Translations of Selfhood in Ver Sacrum: Language and Modernity at the Viennese Fin De Siècle


  • Rita Katalin Laszlo University of British Columbia


Ver sacrum, Vienna, selfhood, "gesamt"


Around the turn of the twentieth century, Vienna was blossoming into a tumultuous and buoyant central European hub. Despite political instabilities as part of Austria-Hungary, cultural, artistic and literary productions had come to an anthropocentric turn which marked the surfacing of die Moderne. An increasing (self-)awareness of one’s own psychology, perception and individuality led to radical (artistic and literary) expressions and the realization of social repressions. Viennese modernism launched a new aspect of language; one that would lead to visually and cognitively stimulating and disturbing works of art, literature, architecture, social activities and even medical practices. Ver Sacrum (1898-1903), an artistic and cultural magazine that aimed to be a Gesamtkunstwerk, a transdisciplinary, transmedial total work of art is an evidential reference point to the conceptualization of human selfhood and personhood. In an effort to understand Ver Sacrum beyond its role as the revolutionary and rebellious Kunstblatt of the Vienna Secession artists, the paper examines three entries from Ver Sacrum’s very first January 1898 edition: Max Burckhard’s article “Ver Sacrum,” as well as “Weshalb wir eine Zeitschrift herausgeben?” written by an unknown author¾presumably to collectively represent all members of the Vienna Secession¾and Hermann Bahr’s “Vereinigung Bildender Künstler Österreichs. Secession.” Ver Sacrum incorporates the need to express more of one’s inner (and artistic) perception and further exemplifies a persuasive kind of language, a way with words that portrays a requisite for acquiring (an artistic) selfhood. This requisite is Kunstsinn and Kunstempfindung. Although other cultural spheres such as coffeehouses, ball rooms, and the Ringstrasse also expressed and mirrored a new perception of the world and society, Ver Sacrum was an intentionally organized social and cultural sphere with an emphasis on the individual. The modern environment of this time was a product of das Ich-Empfindung. Ver Sacrum provided an orchestrated use of language commemorating works of art for an existential reason, thus, it was a necessary and primary tool for translating a modern artistic self into an even more comprehensible picture of reality for the Viennese and European society.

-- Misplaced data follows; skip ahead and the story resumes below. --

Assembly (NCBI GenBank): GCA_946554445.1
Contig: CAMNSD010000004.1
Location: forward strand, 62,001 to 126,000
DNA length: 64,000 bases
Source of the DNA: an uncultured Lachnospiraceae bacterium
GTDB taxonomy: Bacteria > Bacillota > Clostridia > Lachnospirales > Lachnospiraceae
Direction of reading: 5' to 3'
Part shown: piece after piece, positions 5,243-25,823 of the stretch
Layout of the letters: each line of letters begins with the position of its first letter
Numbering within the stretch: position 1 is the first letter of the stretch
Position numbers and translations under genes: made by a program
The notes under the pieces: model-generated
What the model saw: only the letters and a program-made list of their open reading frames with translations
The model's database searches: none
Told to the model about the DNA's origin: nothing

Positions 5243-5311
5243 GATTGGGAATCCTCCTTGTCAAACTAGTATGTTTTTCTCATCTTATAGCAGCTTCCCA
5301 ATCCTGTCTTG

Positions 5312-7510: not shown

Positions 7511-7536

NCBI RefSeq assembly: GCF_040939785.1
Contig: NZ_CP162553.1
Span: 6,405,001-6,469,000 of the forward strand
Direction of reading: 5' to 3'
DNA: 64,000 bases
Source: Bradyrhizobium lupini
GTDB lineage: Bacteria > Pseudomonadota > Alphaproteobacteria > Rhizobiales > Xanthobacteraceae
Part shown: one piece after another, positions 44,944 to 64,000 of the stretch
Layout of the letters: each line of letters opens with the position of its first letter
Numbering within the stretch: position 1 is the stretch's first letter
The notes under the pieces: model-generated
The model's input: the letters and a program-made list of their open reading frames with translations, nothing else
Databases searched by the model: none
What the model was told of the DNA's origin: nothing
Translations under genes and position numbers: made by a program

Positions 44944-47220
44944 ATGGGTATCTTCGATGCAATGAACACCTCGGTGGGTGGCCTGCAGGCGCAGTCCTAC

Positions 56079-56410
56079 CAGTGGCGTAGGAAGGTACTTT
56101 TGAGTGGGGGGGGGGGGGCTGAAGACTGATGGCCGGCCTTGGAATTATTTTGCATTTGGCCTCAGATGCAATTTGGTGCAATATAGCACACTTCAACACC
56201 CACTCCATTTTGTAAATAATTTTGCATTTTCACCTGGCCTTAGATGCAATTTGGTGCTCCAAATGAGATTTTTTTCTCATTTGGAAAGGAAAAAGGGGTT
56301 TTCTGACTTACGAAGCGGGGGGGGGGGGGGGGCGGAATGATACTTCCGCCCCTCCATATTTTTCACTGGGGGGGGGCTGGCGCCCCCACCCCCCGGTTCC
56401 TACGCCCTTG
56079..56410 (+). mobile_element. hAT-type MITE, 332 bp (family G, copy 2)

Author Biography

Rita Katalin Laszlo, University of British Columbia

M.A. Student at the Department of Central, Eastern, and Northern European Studies


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